Despite its importance, the MJO is not predicted by current weather models. Understanding the MJO presents a challenge to atmospheric modeling, but promises new insights into the complex system that is our weather.
Samuel Stechmann, mathematics professor at the University of Wisconsin, will describe a new model of the MJO at a lecture on Thursday, January 10. The talk, titled "The skeleton of the Madden-Julian oscillation: a nonlinear oscillator model," will describe joint research with Andrew Majda of the Courant Institute of Mathematical Sciences at NYU. The work will appear in the journal Nonlinearity.
Was Hurricane Sandy an extreme weather event or due to a changing climate?
Important climate issues, such as sea level rise, snow-cap cover estimates, glacier dynamics, greenhouse gas estimates, global temperature, and whether we are experiencing a weather event (an unusually hot summer) or a climate phenomenon (global rise in temperature), depend on the establishment of an unambiguous trend. Researchers at the University of Arizona, Juan M. Restrepo, Darin Comeau, Shankar Venkataramani, and Hermann Flaschka, address the shortcomings or inapplicability of conventional statistical methods to capture a trend in these and other geoscience problems.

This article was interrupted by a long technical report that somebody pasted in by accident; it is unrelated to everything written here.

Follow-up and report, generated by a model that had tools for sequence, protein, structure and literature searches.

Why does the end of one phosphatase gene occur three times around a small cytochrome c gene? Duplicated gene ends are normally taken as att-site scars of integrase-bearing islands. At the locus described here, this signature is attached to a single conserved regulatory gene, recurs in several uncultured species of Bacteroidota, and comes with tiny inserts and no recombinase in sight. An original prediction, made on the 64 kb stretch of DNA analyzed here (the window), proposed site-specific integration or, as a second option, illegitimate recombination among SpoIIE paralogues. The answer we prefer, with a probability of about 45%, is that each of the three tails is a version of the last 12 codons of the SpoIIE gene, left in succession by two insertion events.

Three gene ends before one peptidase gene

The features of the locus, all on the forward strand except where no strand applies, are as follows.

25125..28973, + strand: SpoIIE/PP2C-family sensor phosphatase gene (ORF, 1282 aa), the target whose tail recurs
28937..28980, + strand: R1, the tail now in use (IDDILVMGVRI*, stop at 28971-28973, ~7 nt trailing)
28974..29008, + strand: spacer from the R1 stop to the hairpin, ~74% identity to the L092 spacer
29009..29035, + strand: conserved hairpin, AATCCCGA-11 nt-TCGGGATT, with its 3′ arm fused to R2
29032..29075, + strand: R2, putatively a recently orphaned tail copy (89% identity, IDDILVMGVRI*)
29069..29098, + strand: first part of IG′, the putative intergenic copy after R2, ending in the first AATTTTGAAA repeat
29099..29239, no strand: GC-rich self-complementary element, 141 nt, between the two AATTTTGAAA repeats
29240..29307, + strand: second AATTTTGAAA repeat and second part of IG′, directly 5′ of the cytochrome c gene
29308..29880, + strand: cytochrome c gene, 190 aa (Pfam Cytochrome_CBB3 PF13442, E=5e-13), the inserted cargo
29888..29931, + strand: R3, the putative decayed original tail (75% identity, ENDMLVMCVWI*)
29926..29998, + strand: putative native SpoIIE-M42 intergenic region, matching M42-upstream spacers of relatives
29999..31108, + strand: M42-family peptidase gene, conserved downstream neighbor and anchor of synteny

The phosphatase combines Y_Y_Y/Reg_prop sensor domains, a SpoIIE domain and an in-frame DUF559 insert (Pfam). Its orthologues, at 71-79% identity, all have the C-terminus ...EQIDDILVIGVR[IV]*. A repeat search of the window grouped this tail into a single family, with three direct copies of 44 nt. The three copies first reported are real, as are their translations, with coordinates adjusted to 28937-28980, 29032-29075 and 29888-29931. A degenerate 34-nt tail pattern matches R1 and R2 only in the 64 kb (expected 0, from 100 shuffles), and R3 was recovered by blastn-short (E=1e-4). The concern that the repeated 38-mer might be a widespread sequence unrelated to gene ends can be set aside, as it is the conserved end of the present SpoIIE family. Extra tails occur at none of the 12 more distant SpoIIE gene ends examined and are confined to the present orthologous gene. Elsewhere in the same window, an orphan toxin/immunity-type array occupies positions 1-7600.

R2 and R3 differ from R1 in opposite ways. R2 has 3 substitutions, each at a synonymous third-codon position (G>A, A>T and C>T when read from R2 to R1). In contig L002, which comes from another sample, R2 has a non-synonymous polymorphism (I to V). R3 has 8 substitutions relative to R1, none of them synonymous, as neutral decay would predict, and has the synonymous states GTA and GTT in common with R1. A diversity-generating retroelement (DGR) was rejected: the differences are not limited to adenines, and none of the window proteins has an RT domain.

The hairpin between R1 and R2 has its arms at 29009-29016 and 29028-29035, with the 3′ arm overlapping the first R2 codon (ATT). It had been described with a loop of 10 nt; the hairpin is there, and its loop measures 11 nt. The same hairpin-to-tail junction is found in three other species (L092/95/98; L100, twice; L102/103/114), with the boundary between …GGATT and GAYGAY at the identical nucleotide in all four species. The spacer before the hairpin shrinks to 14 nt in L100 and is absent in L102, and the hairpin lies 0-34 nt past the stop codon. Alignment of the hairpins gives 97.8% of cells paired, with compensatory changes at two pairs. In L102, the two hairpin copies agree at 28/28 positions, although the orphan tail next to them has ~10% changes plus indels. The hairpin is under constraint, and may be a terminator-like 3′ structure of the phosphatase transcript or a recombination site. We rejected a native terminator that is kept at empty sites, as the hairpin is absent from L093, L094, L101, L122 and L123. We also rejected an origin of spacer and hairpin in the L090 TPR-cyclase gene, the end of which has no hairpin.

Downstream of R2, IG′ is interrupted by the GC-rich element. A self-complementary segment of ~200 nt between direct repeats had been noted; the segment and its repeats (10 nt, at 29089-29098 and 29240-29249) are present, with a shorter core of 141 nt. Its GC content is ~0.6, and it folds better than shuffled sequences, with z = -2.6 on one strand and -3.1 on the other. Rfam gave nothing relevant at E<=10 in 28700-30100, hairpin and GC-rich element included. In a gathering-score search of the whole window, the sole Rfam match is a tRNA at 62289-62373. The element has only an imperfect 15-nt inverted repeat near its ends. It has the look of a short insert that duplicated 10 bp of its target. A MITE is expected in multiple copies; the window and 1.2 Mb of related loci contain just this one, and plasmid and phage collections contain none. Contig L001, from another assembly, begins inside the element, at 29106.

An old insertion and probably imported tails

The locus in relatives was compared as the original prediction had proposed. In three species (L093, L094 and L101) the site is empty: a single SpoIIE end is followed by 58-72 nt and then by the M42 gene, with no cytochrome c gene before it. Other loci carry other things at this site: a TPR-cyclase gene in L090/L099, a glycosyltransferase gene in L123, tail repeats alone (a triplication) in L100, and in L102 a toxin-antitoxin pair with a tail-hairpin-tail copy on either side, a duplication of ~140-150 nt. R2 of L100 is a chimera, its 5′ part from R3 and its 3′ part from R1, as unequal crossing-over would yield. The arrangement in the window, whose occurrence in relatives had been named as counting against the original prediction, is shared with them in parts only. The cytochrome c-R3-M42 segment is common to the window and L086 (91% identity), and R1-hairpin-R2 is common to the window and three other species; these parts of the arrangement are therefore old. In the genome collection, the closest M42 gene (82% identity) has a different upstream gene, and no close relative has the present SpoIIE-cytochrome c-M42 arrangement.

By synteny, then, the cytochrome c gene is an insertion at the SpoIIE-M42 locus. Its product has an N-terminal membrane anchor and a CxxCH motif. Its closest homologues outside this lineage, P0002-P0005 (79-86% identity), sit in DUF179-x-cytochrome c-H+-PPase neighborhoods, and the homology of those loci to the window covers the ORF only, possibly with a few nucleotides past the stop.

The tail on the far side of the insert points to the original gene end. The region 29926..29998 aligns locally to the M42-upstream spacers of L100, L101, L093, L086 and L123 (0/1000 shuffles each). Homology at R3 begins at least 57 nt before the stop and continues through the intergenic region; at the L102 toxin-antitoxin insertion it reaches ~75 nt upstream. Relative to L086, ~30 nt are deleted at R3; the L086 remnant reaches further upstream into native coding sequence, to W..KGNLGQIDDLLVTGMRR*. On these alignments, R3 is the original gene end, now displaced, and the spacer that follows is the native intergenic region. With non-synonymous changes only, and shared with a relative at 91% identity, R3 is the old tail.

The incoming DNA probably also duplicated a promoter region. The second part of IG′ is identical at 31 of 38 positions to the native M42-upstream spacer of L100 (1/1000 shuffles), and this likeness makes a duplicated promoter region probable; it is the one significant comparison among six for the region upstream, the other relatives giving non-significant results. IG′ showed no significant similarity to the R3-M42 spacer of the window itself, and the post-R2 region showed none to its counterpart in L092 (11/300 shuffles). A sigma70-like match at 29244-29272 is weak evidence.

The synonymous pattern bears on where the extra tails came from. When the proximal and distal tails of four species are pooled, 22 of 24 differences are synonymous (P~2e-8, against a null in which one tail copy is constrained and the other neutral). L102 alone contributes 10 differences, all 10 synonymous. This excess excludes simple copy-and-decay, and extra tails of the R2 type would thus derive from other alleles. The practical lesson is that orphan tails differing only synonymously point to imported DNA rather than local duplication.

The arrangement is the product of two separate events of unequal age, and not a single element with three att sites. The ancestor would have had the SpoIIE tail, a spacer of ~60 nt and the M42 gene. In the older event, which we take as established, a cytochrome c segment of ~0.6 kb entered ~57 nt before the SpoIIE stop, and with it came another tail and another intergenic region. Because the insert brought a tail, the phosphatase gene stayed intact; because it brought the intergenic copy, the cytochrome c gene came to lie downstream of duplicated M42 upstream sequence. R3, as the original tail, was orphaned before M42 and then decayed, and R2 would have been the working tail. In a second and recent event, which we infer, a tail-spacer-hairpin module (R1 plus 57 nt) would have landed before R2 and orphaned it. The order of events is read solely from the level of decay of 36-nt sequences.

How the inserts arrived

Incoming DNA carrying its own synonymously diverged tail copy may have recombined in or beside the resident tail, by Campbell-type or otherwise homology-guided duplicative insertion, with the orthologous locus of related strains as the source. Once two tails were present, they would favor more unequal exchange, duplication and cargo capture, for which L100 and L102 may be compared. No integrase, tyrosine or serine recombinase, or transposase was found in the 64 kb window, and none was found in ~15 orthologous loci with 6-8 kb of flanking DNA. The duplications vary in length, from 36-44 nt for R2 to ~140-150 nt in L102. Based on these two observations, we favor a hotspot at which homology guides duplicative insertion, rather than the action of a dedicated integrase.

On Friday, January 11, Juan M. Restrepo, group leader of the Uncertainty Quantification Group and the facult
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American Institute of Mathematics